wrote that Maroni, whose party was bluntly described as "oppos[ing] the
presence of Muslim immigrants" in Italy, stated, "I oppose taking [the
prisoners] in, as long as we are not sure they will be kept behind

La Repubblica added that the prisoners would not
receive "credit" for their seven years in Guantanamo, and noted that, in
2007, the Milanese Public Prosecutor's Office had requested extradition
of two of the men, but the Ministry of Justice refused to forward the
extradition request to the US government because Guantanamo was "not US
territory." As a result, it is understood that the US government's
transfer of the men to Italian custody will not involve extraditing
them, but rather expelling them, and the Italian government can
therefore treat them not as prisoners who have already served a jail
sentence, but as fugitives who are obliged to serve a full term. As a
source in the United States explained, this novel approach to disposing
of prisoners in Guantanamo is actually a form of "rendition."

These fears have not been allayed with the transfer, under the cover of a
Memorandum of Understanding, of two of the three men mentioned in July.
Both were taken into custody on their arrival in Milan, and are
currently being questioned, and no indication has yet been provided as
to whether they will face a trial, and whether their lost years in
Guantanamo will be taken into account should they be sentenced.

The Fog of Evidence

In the fog of rumors and allegations surrounding the men, it is
difficult to know where the truth lies. According to
Italian prosecutors
, both were involved with an Islamic center in
Milan that had connections with al-Qaeda, and arrest warrants for both
men were issued while they were in Guantanamo. In 2005, Boughanmi was
accused of "international terrorism, falsification of documents, aiding
illegal immigration, theft and drug trafficking," and in 2007 Nasseri
was accused of "organizing in Afghanistan the logistics for fighters
coming from Italy 'where they were trained in the use of weapons and in
preparation for suicide attacks,'" and was also described as "the head
of the Tunisians in Afghanistan, 'from where he maintained constant
relations with the structures in Italy and Milan.'"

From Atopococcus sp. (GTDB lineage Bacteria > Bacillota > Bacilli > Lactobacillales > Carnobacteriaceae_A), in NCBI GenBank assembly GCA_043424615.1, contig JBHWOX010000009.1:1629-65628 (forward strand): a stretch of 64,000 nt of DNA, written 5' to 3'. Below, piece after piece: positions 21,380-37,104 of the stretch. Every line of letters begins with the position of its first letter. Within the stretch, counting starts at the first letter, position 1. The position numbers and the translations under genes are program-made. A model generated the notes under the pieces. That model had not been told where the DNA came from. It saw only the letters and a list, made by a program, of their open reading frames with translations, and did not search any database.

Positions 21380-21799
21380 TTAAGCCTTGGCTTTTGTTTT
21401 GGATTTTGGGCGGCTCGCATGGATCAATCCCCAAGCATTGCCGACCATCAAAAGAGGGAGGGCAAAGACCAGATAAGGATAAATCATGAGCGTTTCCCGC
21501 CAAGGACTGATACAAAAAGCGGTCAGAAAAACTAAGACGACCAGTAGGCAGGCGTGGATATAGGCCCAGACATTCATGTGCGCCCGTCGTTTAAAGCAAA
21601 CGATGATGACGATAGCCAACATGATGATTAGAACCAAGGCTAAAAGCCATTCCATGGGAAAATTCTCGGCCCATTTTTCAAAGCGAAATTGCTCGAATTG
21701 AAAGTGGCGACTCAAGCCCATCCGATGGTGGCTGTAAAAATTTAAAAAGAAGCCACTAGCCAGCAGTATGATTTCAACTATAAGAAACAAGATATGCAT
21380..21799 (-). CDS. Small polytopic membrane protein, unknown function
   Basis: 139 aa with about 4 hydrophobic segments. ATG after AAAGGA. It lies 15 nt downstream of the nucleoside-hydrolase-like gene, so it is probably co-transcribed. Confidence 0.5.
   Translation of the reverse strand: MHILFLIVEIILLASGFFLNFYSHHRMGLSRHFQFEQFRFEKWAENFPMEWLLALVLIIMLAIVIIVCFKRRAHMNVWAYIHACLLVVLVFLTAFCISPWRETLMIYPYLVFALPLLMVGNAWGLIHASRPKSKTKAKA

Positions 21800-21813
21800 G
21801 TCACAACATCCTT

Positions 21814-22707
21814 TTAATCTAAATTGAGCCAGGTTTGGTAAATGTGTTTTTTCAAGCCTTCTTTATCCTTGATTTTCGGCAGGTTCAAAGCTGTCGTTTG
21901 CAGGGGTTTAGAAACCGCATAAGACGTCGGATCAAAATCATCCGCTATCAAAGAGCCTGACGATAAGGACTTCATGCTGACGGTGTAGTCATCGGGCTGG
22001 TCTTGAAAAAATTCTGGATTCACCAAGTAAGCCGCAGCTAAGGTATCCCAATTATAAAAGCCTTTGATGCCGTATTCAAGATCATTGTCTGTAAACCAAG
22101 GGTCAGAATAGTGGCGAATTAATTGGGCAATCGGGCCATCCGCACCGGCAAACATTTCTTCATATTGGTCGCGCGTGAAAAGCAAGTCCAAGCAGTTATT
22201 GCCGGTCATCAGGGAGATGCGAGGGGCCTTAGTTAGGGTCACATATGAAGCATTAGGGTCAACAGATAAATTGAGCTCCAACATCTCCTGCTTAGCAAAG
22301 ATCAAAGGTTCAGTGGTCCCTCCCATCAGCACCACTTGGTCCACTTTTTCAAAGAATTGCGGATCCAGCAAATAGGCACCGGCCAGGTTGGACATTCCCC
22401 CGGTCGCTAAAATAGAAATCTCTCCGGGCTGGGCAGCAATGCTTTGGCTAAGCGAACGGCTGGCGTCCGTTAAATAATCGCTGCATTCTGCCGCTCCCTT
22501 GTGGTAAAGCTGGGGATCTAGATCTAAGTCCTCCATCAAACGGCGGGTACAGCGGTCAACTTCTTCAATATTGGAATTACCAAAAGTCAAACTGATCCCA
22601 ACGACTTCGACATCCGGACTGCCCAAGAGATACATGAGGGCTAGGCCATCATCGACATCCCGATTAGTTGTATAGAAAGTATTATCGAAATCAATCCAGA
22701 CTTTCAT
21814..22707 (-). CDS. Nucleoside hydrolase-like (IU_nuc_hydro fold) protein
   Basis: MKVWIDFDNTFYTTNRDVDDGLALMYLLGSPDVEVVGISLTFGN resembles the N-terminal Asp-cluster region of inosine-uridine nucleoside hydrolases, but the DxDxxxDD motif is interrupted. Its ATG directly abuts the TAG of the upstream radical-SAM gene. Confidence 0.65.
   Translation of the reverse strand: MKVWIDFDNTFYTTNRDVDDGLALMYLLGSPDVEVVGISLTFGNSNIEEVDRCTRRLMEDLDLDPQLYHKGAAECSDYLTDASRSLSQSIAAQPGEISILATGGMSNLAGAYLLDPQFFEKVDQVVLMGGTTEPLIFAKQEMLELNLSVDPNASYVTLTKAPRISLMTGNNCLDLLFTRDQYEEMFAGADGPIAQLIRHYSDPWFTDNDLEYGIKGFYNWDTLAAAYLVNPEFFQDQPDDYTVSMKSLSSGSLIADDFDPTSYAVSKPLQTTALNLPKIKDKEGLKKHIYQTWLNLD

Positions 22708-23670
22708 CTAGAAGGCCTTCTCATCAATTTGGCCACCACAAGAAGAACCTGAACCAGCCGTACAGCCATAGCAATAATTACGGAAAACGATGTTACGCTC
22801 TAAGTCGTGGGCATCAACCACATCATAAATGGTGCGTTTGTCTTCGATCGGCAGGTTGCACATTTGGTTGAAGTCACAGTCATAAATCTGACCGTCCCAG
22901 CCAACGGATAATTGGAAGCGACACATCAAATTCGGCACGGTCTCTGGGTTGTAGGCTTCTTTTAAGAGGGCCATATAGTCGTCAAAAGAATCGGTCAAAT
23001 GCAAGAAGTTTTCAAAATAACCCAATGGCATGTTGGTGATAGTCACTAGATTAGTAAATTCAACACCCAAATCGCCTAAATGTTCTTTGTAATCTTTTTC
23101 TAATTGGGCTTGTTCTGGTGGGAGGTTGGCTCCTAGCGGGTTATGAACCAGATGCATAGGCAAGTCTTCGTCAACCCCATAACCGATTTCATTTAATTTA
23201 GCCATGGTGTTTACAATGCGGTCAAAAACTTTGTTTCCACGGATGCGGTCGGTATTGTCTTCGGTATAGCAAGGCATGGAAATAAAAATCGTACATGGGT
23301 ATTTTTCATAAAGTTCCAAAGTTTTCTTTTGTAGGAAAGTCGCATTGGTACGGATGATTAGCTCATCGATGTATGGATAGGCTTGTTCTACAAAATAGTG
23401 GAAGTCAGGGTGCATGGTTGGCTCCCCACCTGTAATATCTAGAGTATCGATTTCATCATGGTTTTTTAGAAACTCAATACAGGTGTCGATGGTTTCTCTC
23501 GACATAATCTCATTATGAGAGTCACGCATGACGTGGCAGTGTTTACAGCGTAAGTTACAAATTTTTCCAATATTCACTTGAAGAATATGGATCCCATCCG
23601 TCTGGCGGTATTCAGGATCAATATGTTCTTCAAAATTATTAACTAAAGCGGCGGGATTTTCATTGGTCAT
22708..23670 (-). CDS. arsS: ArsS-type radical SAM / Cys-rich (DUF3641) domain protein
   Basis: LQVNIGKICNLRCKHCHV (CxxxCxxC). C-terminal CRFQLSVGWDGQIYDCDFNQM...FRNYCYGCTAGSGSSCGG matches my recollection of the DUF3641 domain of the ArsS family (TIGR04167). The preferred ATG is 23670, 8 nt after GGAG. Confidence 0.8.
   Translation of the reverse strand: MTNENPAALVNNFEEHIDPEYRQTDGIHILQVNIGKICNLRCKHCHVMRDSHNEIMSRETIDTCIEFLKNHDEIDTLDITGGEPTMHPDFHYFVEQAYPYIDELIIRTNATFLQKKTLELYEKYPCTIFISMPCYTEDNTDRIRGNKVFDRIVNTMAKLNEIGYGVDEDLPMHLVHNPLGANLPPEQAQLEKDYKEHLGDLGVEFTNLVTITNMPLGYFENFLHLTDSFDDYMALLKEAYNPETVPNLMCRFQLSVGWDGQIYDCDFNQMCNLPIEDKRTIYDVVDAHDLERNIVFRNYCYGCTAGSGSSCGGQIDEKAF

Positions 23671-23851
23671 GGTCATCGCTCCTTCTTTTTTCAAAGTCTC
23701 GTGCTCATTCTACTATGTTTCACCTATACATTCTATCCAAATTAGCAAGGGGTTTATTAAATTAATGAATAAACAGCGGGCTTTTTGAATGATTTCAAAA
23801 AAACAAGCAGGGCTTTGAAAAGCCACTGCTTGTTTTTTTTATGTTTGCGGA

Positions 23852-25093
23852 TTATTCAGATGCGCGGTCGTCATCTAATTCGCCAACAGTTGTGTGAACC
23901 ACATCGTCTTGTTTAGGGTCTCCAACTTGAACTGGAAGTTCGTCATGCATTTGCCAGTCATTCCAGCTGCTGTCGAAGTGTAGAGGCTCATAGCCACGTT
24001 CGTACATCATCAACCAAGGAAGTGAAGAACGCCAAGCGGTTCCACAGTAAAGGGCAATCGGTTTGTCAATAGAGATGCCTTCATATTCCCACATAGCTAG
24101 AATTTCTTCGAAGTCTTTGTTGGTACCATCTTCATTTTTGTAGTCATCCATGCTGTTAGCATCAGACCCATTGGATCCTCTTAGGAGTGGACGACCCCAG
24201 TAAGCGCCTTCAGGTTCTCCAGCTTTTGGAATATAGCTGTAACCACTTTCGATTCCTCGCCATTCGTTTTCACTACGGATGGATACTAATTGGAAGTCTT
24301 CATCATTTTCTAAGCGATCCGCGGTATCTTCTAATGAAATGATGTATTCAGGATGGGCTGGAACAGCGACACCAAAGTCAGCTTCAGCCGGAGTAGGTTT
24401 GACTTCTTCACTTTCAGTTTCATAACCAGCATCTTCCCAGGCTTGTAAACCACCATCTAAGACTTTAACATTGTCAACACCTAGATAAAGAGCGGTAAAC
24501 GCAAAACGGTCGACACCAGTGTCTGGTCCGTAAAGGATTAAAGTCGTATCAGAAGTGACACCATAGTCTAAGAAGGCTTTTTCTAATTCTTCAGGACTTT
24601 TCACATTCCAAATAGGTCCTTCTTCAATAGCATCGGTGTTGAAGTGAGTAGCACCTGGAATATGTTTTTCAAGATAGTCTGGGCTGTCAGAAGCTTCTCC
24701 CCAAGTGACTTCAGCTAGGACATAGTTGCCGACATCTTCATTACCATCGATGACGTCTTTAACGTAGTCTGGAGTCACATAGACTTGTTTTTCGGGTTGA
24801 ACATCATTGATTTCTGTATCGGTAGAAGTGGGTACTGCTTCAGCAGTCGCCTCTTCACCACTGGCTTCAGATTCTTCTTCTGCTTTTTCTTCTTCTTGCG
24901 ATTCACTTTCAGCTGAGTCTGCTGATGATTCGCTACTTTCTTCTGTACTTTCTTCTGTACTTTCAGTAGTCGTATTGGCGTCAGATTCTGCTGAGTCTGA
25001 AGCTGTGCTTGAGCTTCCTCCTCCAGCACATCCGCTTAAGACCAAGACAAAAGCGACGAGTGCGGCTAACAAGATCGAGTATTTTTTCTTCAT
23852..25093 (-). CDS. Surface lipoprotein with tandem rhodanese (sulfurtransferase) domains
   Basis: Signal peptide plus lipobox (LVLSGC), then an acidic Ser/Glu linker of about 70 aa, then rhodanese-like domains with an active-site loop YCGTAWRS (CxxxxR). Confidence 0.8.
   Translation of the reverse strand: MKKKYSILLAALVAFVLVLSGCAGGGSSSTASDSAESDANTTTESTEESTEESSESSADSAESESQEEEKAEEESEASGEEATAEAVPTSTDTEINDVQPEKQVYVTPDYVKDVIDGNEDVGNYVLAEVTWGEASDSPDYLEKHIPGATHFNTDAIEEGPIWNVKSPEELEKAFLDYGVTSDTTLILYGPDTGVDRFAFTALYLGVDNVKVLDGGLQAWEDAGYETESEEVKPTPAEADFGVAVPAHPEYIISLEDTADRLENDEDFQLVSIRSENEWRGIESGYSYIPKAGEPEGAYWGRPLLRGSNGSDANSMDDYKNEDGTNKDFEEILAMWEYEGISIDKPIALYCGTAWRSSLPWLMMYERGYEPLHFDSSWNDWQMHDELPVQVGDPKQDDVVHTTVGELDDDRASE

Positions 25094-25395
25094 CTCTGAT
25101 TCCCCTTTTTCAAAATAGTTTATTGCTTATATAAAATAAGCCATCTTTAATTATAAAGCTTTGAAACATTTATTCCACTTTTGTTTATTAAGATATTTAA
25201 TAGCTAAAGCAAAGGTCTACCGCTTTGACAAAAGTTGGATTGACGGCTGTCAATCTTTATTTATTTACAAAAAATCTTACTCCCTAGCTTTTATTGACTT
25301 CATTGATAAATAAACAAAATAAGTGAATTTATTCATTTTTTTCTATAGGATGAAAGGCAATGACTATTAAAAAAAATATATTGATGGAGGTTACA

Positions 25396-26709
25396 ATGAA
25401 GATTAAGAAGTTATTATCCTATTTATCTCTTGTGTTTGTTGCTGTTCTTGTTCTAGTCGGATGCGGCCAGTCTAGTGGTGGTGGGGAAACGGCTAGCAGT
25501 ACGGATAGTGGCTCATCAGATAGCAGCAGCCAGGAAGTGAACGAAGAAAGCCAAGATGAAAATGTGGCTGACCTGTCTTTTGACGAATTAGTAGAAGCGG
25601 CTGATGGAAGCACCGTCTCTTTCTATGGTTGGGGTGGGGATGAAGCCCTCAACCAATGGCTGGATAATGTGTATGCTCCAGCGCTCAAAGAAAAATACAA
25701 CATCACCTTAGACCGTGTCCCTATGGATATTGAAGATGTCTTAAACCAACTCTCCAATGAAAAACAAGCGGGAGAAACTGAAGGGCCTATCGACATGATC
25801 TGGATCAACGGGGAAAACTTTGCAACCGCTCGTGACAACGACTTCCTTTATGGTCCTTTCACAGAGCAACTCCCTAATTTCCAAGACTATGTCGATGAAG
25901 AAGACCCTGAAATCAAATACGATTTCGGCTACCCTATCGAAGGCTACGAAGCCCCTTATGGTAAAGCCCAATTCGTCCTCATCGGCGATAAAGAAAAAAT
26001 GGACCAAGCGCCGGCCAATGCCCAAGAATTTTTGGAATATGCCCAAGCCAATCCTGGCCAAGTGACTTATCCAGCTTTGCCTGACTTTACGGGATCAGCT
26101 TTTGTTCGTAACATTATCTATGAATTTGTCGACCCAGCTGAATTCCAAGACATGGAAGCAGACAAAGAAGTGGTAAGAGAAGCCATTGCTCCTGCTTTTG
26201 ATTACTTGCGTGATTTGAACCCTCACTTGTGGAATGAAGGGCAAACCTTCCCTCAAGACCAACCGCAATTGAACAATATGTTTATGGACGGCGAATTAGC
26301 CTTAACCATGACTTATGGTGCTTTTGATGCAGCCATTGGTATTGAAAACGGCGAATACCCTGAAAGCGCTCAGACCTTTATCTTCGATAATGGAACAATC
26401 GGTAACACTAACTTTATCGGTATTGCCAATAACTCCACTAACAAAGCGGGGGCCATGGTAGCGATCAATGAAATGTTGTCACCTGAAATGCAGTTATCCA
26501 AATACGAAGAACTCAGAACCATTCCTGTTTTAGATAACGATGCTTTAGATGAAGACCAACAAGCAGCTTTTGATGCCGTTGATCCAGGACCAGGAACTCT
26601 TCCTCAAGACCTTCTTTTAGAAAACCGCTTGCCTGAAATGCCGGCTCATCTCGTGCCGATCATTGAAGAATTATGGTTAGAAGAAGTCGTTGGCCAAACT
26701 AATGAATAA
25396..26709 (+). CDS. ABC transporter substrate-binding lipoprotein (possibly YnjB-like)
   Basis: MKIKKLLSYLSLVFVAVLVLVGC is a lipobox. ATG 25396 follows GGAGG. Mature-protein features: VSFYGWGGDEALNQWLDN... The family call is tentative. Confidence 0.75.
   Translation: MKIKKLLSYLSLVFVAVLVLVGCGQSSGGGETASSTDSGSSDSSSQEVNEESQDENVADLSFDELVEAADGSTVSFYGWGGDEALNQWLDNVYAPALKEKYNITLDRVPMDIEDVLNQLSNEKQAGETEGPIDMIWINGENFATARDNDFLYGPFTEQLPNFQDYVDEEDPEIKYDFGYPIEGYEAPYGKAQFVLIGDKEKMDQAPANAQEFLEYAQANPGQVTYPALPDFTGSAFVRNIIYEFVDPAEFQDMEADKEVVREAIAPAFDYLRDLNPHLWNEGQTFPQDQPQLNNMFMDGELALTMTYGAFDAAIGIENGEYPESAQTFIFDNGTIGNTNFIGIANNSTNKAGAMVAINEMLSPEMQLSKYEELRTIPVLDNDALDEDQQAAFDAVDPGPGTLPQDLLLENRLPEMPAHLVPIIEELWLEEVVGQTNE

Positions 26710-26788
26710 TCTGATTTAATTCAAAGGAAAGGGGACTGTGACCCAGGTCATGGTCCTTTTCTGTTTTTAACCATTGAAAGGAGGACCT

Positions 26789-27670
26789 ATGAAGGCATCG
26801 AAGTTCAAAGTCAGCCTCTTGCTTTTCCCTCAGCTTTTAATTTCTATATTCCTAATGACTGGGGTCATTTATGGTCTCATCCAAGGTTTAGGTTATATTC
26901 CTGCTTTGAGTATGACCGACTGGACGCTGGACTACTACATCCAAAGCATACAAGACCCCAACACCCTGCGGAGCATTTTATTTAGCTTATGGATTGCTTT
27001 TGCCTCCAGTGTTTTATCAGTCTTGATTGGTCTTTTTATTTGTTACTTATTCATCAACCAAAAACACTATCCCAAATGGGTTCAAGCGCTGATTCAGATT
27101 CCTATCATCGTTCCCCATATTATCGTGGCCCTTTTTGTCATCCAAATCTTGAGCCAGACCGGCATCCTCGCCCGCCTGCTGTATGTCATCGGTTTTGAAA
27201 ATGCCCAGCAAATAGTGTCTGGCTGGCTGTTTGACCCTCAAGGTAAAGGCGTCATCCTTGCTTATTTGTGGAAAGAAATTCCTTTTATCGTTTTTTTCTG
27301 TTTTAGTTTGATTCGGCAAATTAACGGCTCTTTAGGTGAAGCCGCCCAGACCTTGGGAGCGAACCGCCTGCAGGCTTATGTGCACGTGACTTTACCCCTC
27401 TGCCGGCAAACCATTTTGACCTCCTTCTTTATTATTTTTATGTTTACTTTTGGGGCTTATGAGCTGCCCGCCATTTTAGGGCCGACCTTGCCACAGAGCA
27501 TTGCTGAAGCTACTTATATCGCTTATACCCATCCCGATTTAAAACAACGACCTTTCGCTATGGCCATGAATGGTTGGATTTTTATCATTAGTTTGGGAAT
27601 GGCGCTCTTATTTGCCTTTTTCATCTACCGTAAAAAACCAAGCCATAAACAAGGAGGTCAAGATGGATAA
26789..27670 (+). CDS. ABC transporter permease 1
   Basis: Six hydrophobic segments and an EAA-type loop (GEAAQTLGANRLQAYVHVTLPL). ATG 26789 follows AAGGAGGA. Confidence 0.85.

However, Boughanmi, who was 31 years old when he was seized crossing
from Afghanistan into Pakistan, explained
to his lawyers
that he worked in restaurants in Naples and Rome,
and as a barber in Milan, and stated that he traveled to Afghanistan in
early 2001, "because I became a Muslim when I was in Europe. My country
was very tough on the Muslims. Afghanistan was a country where they were
willing to take anybody, you don't need any money to live there, and
they welcome all the Muslims."

In addition, as I explained in July:

In Guantanamo, he [Boughanmi] denied an allegation
that he was part of a terrorist network in Italy, and that he "possibly"
falsified passports "for fleeing al-Qaeda combatants who make it to
Europe" (that use of the word "possibly" generally indicating that even
the US military regarded the allegation as unreliable). He also refuted
allegations that he was an "extremist" in Bosnia-Herzegovina during the
civil war, and, to prove it, showed the tribunal the visa stamps in his
passport, which he requested as evidence. The information about his
purported activities in the former Yugoslavia was apparently provided by
the Tunisian government, which had sentenced him in absentia to 20
years in prison for allegedly being a member of a terrorist organization
operating abroad.

Less is known publicly about Nasseri, who was 35
years old at the time of his capture in Afghanistan, because he refused
to take part in any of the military review processes at Guantanamo (the
Combatant Status Review Tribunals and the annual Administrative Review
Boards), although it was noted that he refuted all the allegations
against him. Some of these related to the Italian arrest warrant
mentioned above, a claim that he fought in Bosnia may have come from the
Tunisian government (which gave him a ten-year sentence in absentia for